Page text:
Volume 13, Issue 4 - May 2012

Distribution & Dealer News

EPA Rep Gives Lead Paint Enforcement Update

“There are a lot of cases in the pipeline and many others under review,” said Don Lott, Environmental Protection Agency (EPA) associate director, waste and chemicals enforcement division, when he presented updates regarding enforcement of the EPA’s Lead Renovation Repair and Painting Rule (LRRP). Lott spoke to members of the Window and Door Manufacturers Association (WDMA) and the National Lumber and Building Material Dealers Association (NLBMDA) who gathered in March for the their joint legislative conference. The lead paint rule was a topic in many of the meetings.

But it was in the Lead Rule Issues Panel that Lott outlined particular aspects of the rule including updates regarding enforcement.

“We have a consistent national approach to how we assess penalties, which gives an even playing field,” he said.

He added the EPA gives its regional offices general guidance each year on lead enforcement. “Because they [regional offices] deal with multiple lead rules we ask the regions to come up with an integrated strategy.”

While Lott said the EPA has several lead paint programs he admitted that, because the LRRP rule is the newest, most of its resources are directed toward it.

“Our main goal is making sure lead safe work practices are in effect,” he said.

Lott answered the question that he says the agency is asked most: Do we use the list of certified firms as a target list? “Absolutely not,” he said.

He said the agency performs two types of inspections: record review and on-site inspections.

“Personally, I’d like to see more on-site inspections and I think we will see more of those,” he said.

The EPA has performed more than 1,000 inspections to date, has issued more than 40 notices of non-compliance and more than 30 pre-settlement negotiations are ongoing. Additionally, two RRP complaints were filed—not settled—and according to Lott, “Many more will be issued over the next few months.”

“Of those 1,000, a lot of non-compliance is being found, but it is a question of how bad it is … The majority of our tips reveal non-certified firms,” he said.

“We do need your help to identify those,” he added.

NFRC Helps Retailers Keep Consumers Informed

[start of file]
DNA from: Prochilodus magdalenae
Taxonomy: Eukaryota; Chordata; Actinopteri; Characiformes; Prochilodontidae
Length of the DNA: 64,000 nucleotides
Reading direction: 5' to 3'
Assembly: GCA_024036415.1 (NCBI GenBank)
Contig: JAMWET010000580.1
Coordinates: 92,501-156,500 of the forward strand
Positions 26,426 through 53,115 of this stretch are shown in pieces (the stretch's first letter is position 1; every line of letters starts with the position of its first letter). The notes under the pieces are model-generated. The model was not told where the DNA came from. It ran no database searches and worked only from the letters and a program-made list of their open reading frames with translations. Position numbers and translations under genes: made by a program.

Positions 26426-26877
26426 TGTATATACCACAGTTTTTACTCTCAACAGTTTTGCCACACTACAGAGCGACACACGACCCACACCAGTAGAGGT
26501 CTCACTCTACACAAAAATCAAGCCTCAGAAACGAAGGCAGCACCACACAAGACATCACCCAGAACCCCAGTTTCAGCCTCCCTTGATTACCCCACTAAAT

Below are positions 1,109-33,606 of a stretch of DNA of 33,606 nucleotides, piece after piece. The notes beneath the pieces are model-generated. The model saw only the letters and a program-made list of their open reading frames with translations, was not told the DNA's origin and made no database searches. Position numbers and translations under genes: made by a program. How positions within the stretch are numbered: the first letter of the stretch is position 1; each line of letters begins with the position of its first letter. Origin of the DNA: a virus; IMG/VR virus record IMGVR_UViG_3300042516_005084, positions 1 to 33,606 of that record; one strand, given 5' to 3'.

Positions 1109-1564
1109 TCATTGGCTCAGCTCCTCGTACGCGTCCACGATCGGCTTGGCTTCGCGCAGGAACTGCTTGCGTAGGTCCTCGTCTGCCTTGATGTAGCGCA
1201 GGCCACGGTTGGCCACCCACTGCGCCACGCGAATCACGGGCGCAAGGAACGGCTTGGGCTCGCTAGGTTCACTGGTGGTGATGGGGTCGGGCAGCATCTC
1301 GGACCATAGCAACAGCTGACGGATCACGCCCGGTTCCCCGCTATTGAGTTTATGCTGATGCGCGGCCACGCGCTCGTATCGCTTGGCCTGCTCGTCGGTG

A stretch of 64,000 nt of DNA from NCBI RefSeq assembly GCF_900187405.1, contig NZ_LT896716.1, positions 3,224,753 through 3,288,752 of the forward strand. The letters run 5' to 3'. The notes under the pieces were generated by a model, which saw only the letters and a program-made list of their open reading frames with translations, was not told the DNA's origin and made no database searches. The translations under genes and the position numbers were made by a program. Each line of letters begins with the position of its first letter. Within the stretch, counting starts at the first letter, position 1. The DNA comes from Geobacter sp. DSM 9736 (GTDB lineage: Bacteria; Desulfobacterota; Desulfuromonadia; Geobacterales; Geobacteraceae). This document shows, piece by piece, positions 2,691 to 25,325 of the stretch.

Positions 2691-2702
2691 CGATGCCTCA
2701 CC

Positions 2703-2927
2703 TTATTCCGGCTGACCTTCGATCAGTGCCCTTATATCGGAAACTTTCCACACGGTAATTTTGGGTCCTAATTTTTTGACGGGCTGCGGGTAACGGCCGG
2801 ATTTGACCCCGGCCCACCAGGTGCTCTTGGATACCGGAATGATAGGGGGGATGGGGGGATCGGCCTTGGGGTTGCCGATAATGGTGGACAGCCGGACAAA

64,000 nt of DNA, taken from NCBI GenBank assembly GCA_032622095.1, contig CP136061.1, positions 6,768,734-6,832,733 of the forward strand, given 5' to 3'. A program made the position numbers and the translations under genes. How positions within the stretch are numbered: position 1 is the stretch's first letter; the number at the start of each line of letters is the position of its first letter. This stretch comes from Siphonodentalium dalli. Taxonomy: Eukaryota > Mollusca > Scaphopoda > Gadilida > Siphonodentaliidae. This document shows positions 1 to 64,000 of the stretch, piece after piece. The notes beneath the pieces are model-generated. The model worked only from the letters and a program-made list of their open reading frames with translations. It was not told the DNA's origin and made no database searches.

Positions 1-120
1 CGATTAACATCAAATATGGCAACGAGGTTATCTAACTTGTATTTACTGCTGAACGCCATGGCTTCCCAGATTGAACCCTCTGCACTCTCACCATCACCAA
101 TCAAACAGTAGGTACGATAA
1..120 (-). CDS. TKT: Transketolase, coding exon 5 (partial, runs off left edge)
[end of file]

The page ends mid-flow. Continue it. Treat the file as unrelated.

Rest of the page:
“Fenestration ratings are rarely understood by door and window consumers, but are critical to how they choose the window or door that best fits their needs,” says Tom Herron, senior manager, communications and marketing, National Fenestration Rating Council (NFRC).

To make the process easier, the group is actively educating consumers about energy efficiency ratings through its retailer program. The program involves tear sheets To make the process easier, the group is actively educating consumers about energy efficiency ratings through its retailer program. The program involves tear sheets developed by the NFRC, and distributed to retailers free of charge. The retailer can then brand the materials so when a homeowner weighs their options they remember that company.

Herron says the NFRC is aiming to educate consumers instead of having them be confused about the NFRC label, which has happened in the past.

“They would back off thinking it [the label and terms such as SHGC and U-factor] was complicated,” he says. “That is bad news for a retailer. You don’t want them to leave.”

The NFRC started the retailer program when it saw a glaring need for consumers to become more educated.

“What we found was that the consumer didn’t understand the NFRC labels and didn’t know what things stood for so we use down-to-earth language to help them in their decision-making process,” says Herron. “It helps that the info is coming from a third-party, independent certification program.”

The third-party data is what’s key, according to the NFRC.

“That’s what we find to be a big deal,” says Herron. “It is one thing to take the word of the person selling … we all know how that may go sometimes. Obviously they [retailers] have a motivation to move that product. We don’t make money from this.”

The program isn’t new, however. The NFRC developed the fact sheets back in 2009 and is now looking to distribute the program more widely to retailers. Herron says those currently using the tools have experienced positive results.

“We have had retailers who have come to us and said they had been using [the fact sheets] in one location and want to order [more] for additional locations,” says Herron. “That speaks to the efficacy of the program.”

Herron adds he doesn’t usually use clichés, but just has to in this case.

“It’s truly a win-win situation,” he says. “The retailer gets to help consumers along in the decision-making process and consumers get fair and objective information to assist them.”

AMD Seeks ANSI Approval of SHED Standard
The Association of Millwork Distributors (AMD) is seeking ANSI approval of its AMD 100 standard, Structural Performance Ratings of Side-Hinged Exterior Door Systems and Procedures for Component Substitution as an American National Standard.

The AMD 100 standard provides an objective process for obtaining a design pressure rating for a side-hinged exterior door system (SHEDS) and for substituting components in a rated SHEDS. The testing required by this standard follows the ASTM E330 test method. The standard defines methods for qualifying door system components for substitution, and applies to both single- and multi-panel systems, in-swing, out-swing, and fixed assembly installations. Door slab stiffness testing is used and outlined in this standard as a means for determining component substitution.
(For the AMD viewpoint see page 12.)

 


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